It is the first time in seven years that the U.S. has revised its military strategy; the new strategy was made public on 8 February 2011. The last was released in 2004 during the presidency of George W Bush. The 24 page document builds on the 2010 National Security Strategy and the objectives in the latest Quadrennial Defense Review, according to the document. The National Military Objectives pronounced in the document are designed to maintain the supremacy of the US military. It states that “In this multi-nodal world, the military’s contribution to American leadership must be about more than power – it must be about our approach to exercising power.” Some of the other major objectives of the new strategy will be to counter terrorism, deter and defeat aggression, and strengthen international and regional security.
The document also predicts that the US will face bigger challenges in the Asia-Pacific region due to the rise of China and its feverish military modernization. “Asia will increase its regional share of global wealth. Though it faces a number of domestic challenges, continuation of China’s decades-long economic growth is expected to facilitate its continued military modernization and expansion of its interests within and beyond the region.” Though the document seeks a positive, cooperative, and comprehensive relationship with China in terms of military ties, it however, also cautions China that the US will “continue to monitor carefully China’s military developments and the implications those developments have on the military balance in the Taiwan Strait. “We remain concerned about the extent and strategic intent of China’s military modernization, and its assertiveness in space, cyberspace, in the Yellow Sea, East China Sea, and South China Sea. To safeguard US and partner nation interests, we will be prepared to demonstrate the will and commit the resources needed to oppose any nation’s actions that jeopardize access to and use of the global commons and cyberspace, or that threaten the security of our allies” warns the document.
China’s reaction on the US new military strategy has not been frank and forthcoming. Quoting Russian sources there is a veiled attempt to what its reaction is. Citing Kommersant, a Russian Daily, its states in the Chinese edition of the Global Times that ‘China has become the target of America’s new military strategy,” for the US is “nervous about China’s rise.” The report further says that it is not surprising that the focus is not on its one time cold war rival, Russia, but on China, for the US army knows that it will be China that will throw a challenge to it’s supremacy in the near future. For economic reasons neither China nor the United States would like to broaden the conflict, however, the increasing nervousness of the US about China’s rise have created conditions for such a conflict, asserts the report. It also quotes another report carried by the Newspaper web, another Russian source and points out that the new national military strategy of the US has been formulated in the face of China threat.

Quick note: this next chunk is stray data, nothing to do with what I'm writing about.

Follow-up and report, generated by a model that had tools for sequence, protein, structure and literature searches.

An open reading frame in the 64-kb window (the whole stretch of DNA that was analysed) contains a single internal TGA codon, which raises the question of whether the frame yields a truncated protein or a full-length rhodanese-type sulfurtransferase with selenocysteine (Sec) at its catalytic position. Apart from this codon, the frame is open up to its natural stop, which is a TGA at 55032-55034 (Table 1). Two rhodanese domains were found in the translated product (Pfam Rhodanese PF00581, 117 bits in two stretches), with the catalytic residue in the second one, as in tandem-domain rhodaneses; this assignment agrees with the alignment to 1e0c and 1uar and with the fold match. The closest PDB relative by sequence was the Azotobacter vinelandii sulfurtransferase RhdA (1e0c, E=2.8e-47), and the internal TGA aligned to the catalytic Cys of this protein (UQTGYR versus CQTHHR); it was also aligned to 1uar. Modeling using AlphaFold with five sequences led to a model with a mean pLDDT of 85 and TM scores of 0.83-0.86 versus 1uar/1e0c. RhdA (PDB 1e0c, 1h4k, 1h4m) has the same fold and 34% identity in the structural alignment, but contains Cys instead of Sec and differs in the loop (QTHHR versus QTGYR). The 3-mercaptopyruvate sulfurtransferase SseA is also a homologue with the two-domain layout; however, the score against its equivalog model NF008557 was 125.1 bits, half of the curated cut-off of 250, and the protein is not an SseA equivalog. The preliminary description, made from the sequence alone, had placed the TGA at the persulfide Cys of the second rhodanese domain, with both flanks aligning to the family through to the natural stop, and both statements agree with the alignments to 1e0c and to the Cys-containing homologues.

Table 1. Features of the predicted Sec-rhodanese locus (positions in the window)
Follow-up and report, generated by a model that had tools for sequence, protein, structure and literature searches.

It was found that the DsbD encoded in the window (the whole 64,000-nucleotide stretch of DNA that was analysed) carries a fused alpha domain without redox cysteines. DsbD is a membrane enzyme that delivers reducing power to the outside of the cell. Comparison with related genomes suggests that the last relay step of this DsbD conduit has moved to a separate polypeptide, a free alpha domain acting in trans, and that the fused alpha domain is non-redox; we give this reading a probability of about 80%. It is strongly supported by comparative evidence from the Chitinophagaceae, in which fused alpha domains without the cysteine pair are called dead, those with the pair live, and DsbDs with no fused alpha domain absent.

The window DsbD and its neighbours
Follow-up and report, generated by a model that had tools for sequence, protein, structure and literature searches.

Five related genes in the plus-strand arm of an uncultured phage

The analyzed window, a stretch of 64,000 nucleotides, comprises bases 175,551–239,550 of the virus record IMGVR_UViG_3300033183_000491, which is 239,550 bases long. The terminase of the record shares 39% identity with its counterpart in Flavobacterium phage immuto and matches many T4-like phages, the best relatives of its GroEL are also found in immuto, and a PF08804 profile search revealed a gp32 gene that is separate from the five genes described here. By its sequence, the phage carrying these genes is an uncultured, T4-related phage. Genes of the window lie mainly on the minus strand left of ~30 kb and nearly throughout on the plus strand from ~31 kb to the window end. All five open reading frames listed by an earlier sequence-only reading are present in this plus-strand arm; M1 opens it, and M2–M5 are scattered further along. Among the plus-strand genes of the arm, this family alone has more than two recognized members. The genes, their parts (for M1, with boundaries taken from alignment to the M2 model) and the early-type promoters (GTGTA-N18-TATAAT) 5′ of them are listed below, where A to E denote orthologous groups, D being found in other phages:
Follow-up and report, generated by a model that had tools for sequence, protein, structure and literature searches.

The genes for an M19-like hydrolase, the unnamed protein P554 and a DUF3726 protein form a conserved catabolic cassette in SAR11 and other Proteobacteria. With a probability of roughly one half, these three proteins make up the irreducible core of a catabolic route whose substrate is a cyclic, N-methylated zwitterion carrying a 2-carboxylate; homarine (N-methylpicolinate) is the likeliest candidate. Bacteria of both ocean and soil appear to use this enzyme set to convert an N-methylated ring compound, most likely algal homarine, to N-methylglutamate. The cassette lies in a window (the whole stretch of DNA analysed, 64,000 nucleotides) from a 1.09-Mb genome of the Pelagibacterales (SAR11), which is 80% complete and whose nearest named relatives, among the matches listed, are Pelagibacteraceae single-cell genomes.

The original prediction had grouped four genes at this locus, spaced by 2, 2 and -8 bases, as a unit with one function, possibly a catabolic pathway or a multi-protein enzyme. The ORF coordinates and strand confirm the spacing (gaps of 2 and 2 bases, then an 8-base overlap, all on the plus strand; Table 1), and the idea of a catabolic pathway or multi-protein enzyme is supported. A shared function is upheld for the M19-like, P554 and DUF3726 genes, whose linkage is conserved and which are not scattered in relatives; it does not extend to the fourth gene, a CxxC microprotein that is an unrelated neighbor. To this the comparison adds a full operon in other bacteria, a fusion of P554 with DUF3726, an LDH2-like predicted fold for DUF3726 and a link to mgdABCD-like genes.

Experts in China are of the view that Obama administration is changing its strategy toward China. The US has adopted a strategy to “contain Beijing’s rise by employing financial, military and diplomatic means” one the one hand and “encircling the country geographically” by not giving it space for maneuverability on the other. They posit that the US “cannot accept China’s rapid rise as a regional and global power” as well as the “comprehensive and profound strategic competition” it is facing from China. The experts calls for an “effective and timely” mechanism between the two so that the bilateral ties do not “deviate from the right path.” If the relations are not managed well, there could be an “all-out confrontation”, which is certainly not desired by both the countries. Zhang Guoqing, an expert of American Studies at the Chinese Academy of Social Sciences had commented on last year’s National Security Strategy of the US that since “there is a narrow gap between the military strength of the US and other powers” the US has realized that it “cannot go alone on various issues,” therefore, it has adopted a strategy of “international cooperation” the “purpose obviously is to maintain its hegemony. The 2011 Military Strategy like the 2010 Security Strategy of the US mentions China 10 times and talks about cooperation as well as a veiled conflict with China.
Zhang Guoqing maintains that the US has always maintained doubled standards while dealing with China. When it comes to the economic interests of the US, it would like to strengthen cooperation with China; at the same time it is nervous of China’s momentous rise and China catching up with it. It has nursed a perennial anti-China mindset. The Chinese scholars maintain that there is a “fragile mutual trust” and “deepened strategic suspicions” between the two countries that may jeopardize the thinking of trade “rebalance” and security “reassurance.”
(The writer, Dr. B R Deepak, is Associate Professor in the Centre of Chinese and Southeast Asian Studies, Jawaharlal Nehru University, New Delhi. The views expressed are his own. He could be reached at firstname.lastname@example.org)